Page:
The Scriptures equip pastors for every good work, therefore the Scriptures must be the primary textbook by which they are equipped. No shortage of books regarding preaching, pastoring, evangelism, discipleship, ecclesiology, and leadership exist giving all sorts of helps and tips in moving the church or organization forward. Sadly, many works appear to use the Scriptures to bolster their ideas rather than making sure their ideas conform to the ways of Scripture.
They Care for the Flock
Pastors are, as the term indicates, shepherds of a flock. The apostle Peter reminds us not only that pastors are to be shepherds, but some basics on what shepherds should embody:
So I exhort the elders among you, as a fellow elder and a witness of the sufferings of Christ, as well as a partaker in the glory that is going to be revealed; shepherd the flock of God that is among you, exercising oversight; not under compulsion, but willingly, as God would have you; not for shameful gain, but eagerly; not domineering over those in your charge, but being examples to the flock. And when the Chief Shepherd appears, you will receive the unfading crown of glory (1 Peter 5:1-4).
The nature of the pastor’s oversight embodies a willingness, an eagerness, and as an example. What it must not embody is outside compulsion from others, a love of money, and bullying. Our compelling comes from Christ (2 Cor 5:14); our eagerness comes from His call, not from how money talks; and our leadership comes from love for His flock, not leveraging our position for control.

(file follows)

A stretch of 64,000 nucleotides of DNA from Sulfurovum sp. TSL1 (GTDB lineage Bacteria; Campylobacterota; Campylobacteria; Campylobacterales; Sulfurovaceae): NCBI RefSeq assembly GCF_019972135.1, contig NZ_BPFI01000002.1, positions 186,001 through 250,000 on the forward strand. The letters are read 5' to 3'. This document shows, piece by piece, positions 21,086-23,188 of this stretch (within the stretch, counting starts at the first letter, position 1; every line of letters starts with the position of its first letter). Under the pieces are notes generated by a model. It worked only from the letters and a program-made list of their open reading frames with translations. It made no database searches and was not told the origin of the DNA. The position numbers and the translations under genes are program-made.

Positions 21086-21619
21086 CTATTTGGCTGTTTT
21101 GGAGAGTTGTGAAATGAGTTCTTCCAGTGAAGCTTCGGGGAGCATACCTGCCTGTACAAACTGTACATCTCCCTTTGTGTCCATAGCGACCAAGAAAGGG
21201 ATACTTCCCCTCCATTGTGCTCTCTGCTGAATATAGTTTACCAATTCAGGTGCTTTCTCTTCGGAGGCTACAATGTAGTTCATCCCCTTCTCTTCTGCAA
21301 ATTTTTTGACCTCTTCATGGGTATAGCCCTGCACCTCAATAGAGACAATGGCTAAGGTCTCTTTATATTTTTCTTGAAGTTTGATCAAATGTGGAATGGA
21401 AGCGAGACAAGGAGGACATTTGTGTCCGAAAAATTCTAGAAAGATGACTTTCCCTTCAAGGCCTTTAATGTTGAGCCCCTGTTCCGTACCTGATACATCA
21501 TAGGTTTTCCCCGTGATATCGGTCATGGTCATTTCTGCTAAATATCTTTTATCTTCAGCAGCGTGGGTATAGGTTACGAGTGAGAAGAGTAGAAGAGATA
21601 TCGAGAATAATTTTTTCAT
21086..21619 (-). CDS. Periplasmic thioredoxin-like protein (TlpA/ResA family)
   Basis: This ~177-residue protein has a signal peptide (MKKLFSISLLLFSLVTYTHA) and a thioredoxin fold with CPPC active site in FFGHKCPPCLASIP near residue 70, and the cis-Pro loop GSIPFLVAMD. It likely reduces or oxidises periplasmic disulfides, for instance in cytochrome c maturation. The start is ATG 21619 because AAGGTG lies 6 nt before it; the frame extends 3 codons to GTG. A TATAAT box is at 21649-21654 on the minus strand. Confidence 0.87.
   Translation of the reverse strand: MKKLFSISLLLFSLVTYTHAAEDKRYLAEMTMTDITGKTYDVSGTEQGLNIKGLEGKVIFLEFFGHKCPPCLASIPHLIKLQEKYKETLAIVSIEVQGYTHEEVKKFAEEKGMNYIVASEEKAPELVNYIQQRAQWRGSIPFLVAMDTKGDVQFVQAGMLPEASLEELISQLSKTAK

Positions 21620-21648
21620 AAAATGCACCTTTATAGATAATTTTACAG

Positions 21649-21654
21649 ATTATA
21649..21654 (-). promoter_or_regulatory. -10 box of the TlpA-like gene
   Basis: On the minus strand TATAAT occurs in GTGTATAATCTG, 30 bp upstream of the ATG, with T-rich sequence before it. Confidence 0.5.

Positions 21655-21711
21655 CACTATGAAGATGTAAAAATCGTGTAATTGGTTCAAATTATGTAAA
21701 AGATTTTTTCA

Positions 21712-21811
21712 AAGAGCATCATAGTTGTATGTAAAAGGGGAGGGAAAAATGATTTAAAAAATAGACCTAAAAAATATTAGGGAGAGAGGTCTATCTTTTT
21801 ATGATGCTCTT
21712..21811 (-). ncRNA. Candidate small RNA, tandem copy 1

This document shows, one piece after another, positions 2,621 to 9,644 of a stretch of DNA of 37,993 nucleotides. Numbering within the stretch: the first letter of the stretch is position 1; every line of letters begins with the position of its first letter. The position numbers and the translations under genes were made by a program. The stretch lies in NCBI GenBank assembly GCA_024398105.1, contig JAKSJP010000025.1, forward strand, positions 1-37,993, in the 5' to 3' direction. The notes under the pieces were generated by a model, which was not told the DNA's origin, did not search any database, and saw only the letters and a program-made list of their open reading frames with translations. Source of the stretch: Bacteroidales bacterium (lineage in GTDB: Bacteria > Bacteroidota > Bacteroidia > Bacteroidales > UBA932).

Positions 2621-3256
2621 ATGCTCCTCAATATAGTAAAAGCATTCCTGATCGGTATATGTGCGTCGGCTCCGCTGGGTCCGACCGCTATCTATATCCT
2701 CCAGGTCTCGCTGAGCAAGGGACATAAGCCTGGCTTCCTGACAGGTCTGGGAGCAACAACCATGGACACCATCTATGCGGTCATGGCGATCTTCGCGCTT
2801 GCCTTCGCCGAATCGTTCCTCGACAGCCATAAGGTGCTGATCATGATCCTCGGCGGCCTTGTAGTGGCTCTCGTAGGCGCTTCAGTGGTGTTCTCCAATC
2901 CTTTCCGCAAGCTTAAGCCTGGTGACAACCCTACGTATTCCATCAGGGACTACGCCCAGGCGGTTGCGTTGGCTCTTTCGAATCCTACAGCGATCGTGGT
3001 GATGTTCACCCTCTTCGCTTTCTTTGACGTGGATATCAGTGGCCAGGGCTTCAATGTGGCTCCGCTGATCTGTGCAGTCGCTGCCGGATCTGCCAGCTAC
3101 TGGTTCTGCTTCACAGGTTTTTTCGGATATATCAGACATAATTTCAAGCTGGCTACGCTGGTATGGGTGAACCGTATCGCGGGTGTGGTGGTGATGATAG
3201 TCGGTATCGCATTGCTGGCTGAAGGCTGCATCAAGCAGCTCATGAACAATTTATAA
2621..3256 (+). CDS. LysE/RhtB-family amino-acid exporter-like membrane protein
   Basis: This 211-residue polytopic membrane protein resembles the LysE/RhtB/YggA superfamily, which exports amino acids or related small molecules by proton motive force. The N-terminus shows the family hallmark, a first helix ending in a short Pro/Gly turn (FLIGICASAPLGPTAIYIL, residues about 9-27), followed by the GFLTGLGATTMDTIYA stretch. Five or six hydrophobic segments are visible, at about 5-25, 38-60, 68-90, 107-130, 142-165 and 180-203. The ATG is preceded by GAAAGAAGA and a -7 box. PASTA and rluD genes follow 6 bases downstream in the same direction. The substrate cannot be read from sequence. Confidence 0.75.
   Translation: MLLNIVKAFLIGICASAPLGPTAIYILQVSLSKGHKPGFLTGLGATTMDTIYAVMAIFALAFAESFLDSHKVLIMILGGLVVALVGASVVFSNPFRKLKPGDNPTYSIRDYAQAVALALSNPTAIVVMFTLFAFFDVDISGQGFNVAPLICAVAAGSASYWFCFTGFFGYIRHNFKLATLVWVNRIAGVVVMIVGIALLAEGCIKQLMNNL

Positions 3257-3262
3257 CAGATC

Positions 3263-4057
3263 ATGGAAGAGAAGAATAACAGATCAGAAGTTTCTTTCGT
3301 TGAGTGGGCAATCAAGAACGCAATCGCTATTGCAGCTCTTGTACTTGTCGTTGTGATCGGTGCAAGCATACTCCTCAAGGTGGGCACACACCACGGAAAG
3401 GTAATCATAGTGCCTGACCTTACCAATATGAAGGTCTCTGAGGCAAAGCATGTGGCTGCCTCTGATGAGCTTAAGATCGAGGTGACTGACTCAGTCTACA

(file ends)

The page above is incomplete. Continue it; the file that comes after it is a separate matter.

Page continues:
The idea of how pastors stand as examples connects with Hebrews 13:7 in a call for Christian to imitate the lives of the pastors who are led by Christ and His Word. Paul alluded to this in his final talk with the Ephesian elders:
Pay careful attention to yourselves and to all the flock, in which the Holy Spirit has made you overseers, to care for the church of God, which he obtained with his own blood. I know that after my departure fierce wolves will come in among you, not sparing the flock, and from among your own selves will arise men speaking twisted things, to draw away the disciples after them. Therefore, be alert (Acts 20:28-30a).
So care for the flock is not simply for their physical needs to make sure they are comfortable; pastors also for their spiritual growth and protection. Some may come from the outside, but some will also rise up from within the fellowship of believers. Caring for the flock means an alertness and attentiveness to this all-important aspect of their discipleship.
Peter told the Jerusalem congregation that the spiritual leaders of the church need to focus on “prayer and the ministry of the Word” (Acts 6:4). A great exercise on the study of prayer is to go through the book of Acts and count how many times the church prayed–specifically, what caused the church to pray, the nature of their prayers, and how God responded to those faithful pray-ers.
We are all servants of Christ, part of the body of Christ which composes the church of Christ. Regardless of the gifting or calling to which God has called, we all submit to the will of God in Christ. So even as leaders, we are followers of Jesus, disciples who chase hard after Christ and run hard away from sin. Prayer is the key to connecting with Christ, leaning into humility in reliance on Christ, and recognizing that the way to understand and apply the Word is by this connection, humility, and love toward Christ.
We are all broken sinners in need of a Savior, but God calls those to shepherd the church as servant leaders. They will have to give an account. Praise God Christ promised to never leave any of us alone (Matthew 28:20).